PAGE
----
Your browser is no longer supported

For the best possible experience using our website we recommend you upgrade to a newer version or another browser.

Your browser appears to have cookies disabled. For the best experience of this website, please enable cookies in your browser

We'll assume we have your consent to use cookies, for example so you won't need to log in each time you visit our site.
Learn more

Flooding: Were Pitt recommendations adopted? – ICE vice president

A senior water engineer has called for a review of the effectiveness of flood risk measures after floods devastated parts of northern England last week.

ICE vice president and water panel member David Balmforth told NCE it was time for clarity about how well the recommendations in the 2008 Pitt Review had been implemented.

He said heavy flooding in York came after a long line of localised flood events over the past 12 months.

“We need to ask whether [the flooding] is because we haven’t responded to the Pitt recommendations or whether it’s just extra rainfall,” said Balmforth.

His call comes after severe rainfall hit north west, north east and south west England and northern Wales causing two deaths and widespread damage.

Worst affected

North Yorkshire was the worst affected with a month’s rainfall falling over two days according to the Met Office. Flooding forced the temporary closure of the A1 and the East Coast Main Line and affected a number of towns and cities.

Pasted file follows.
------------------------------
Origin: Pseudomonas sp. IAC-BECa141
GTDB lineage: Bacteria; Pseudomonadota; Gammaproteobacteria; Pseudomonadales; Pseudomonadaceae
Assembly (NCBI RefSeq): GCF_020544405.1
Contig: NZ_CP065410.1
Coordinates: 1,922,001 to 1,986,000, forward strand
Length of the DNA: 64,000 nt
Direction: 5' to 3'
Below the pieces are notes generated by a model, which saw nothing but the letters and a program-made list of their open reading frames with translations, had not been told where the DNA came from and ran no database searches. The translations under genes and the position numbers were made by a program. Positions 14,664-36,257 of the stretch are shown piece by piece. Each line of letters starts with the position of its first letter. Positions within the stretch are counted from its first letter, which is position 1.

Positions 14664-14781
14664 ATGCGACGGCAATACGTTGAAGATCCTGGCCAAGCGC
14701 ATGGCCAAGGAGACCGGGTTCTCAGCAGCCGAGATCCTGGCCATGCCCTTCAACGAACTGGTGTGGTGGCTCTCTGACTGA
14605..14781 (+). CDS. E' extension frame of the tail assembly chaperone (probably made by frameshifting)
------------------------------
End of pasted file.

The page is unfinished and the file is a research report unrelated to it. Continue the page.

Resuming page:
The Pitt Review was conducted after the devastating floods in the summer of 2007. Balmforth said although there was no repeat of the concentration of floods seen in 2007, there had been numerous local flooding incidents.

He said a review should be led by the Environment Agency supported by a professional body - such as the ICE or the Chartered Institution of Water and Environmental Management.

Sheffield University professor of urban water Richard Ashley said little had improved since 2007.

He said the low loss of life and relatively low impact of flooding on infrastructure last week was down to the location of downpours rather than because of flood prevention measures.

“The major city to be struck with flooding was York,” said Ashley. He said York residents were more prepared as they had suffered similar events in the last 10 years.

Readers' comments (1)

  • In fact I said in the interview that I thought a lot had changed at least in some attitudes. I support Defra's changes to the GIA funding whereby local communities part-fund.
    My biggest disappointment is that the Environment Agency still exists! It is too controlling and corrupt (with a small c) having been around too long. It's schizophrenia between the quality and quantity components is also not good for England. It is clear why the EA will no longer exist in Wales as of next year.

    Unsuitable or offensive? Report this comment

Have your say

You must sign in to make a comment

Please remember that the submission of any material is governed by our Terms and Conditions and by submitting material you confirm your agreement to these Terms and Conditions. Please note comments made online may also be published in the print edition of New Civil Engineer. Links may be included in your comments but HTML is not permitted.